Moving on to the statistics: they used a frequentist and a Bayesian approach. For the frequentist approach they applied a baseline-adjusted ANCOVA on the change scores. This is perfectly okay and they factored in correction for the family-wise error rate (basically when you measure more things you need to correct for that, else you’ll just increase your chances of a type I error). I can’t comment on the Bayesian approach at all, because I know way too little about it. I’ll put some faith in their statistician (James Krieger) for this. So the statistics are a-ok.
The study results: muscle hypertrophy following a dose-response relationship
I’m gonna skip over the results on muscle strength a bit quick. In a nutshell; they didn’t find any significant differences between the groups. As such, it appears only a relatively low threshold of volume needs to be reached for strength. (The 1SET group only trained for ~39 minutes a week!). Nevertheless, keep in the back of your head that they employed 8-12 reps per set. This is not necessarily generalizable to someone doing 1 set per muscle group per training session with say, 2 reps vs. someone doing 5 sets per muscle group with the same amount of reps.
Anyways, the good stuff is in the muscle thickness measurements aka. dem gains. I’ve listed them in the table below (values are mean + SD):
|Biceps thickness (mm)||1SET||42.6 (4.3)||43.3 (5.1)||0.7 (2.0)|
|3SET||44.6 (5.9)||46.7 (5.8)||2.1 (1.6)|
|5SET||42.6 (4.3)||43.3 (5.1)||2.9 (1.7)||Triceps thickness (mm)||1SET||47.2 (4.5)||47.7 (4.6)||0.6 (2.0)|
|3SET||48.4 (6.2)||49.8 (6.3)||1.4 (3.1)|
|5SET||47.1 (3.5)||49.7 (4.9)||2.6 (2.3)|
|Rectus femoris thickness (mm)||1SET||59.7 (6.7)||61.7 (5.5)||2.0 (2.6)|
|3SET||57.9 (8.1)||61.0 (8.7)||3.0 (3.1)|
|5SET||54.4 (3.4)||61.2 (4.5)||6.8 (3.6)|
|Vastus lateralis thickness (mm)||1SET||57.5 (6.0)||60.4 (6.3)||2.9 (1.9)|
|3SET||57.9 (8.0)||62.5 (7.0)||4.6 (2.3)|
|5SET||52.4 (6.2)||59.6 (5.8)||7.2 (3.0)|
So if you take a quick look at the change column, you indeed see a dose-response relationship. The higher the volume, the bigger the change. However, the frequentist approach found none of this to be statistically significant. The Bayesian approach only found weak evidence for it, or better said, not worth more than a bare mention.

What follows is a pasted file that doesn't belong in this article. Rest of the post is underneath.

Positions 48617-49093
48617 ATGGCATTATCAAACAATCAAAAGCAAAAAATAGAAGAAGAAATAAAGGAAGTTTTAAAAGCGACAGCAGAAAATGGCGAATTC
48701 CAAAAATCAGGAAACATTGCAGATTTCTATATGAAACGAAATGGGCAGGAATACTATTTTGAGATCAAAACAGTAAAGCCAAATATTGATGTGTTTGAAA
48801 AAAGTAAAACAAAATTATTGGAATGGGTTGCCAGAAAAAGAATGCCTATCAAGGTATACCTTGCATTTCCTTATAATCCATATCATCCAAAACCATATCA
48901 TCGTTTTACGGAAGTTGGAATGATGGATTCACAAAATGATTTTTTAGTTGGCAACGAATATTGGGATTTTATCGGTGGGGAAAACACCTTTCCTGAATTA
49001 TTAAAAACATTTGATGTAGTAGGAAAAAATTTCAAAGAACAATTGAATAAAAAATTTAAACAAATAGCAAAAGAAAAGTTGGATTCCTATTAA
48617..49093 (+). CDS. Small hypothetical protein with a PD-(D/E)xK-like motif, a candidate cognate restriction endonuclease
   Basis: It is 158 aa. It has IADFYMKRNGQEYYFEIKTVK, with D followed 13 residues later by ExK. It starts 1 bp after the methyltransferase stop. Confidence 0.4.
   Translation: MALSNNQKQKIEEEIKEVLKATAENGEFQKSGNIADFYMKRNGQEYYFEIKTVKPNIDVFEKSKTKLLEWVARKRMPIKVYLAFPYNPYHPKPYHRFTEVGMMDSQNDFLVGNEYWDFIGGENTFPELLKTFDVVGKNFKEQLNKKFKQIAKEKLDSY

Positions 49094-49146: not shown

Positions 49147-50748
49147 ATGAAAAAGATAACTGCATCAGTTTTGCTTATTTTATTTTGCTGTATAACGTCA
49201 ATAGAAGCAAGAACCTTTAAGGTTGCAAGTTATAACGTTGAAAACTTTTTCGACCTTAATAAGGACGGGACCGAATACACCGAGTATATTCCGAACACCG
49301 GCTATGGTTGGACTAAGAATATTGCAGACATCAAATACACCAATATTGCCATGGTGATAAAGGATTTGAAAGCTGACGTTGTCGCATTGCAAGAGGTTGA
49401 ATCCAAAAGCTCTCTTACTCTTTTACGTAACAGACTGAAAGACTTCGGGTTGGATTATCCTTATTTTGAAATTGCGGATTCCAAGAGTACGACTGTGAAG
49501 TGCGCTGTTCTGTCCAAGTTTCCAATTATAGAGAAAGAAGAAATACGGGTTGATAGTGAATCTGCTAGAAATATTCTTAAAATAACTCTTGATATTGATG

My 2 cents
One issue is that these results on muscle thickness aren’t really in line with a previous study they cite, namely that of Ostrowski et al. . Lyle McDonald aptly pointed this out in his article on this paper. The Ostrowski et al. study employed 1, 2 and 4 sets per exercise yielding 3, 6 or 12 sets per muscle group weekly. So that’s already a far lower volume than the 3SET and 5SET group in this study. Schoenfeld et al. cite that the highest volume group indeed showed a larger increase in triceps thickness compared to the lowest volume group. However, what they didn’t mention, was that the 2 set group in that study showed practically the exact same increase as the 4 set group. So apparently it plateaud there for this study, with already a way lower volume that Schoenfelds study. No explanation is provided for this. While not necessarily an issue of the validity of the study per se, it should be explained.
Something which is an actual issue with the internal validity of the paper, is the following:
The lead researcher, a trained ultrasound technician, performed all testing using a B-mode ultrasound imaging unit.
So Schoenfeld performed the testing, and he knew which subjects were in which group. With any measurement that is not 100% precise, there is the risk of observer bias. I’m not saying that this has influenced the results of this study, but the risk certainly was there. There is enough leeway in these measurements to introduce observer bias to the study and it should be considered a high risk for it, in line with the Cochrane Risk of Bias Tool.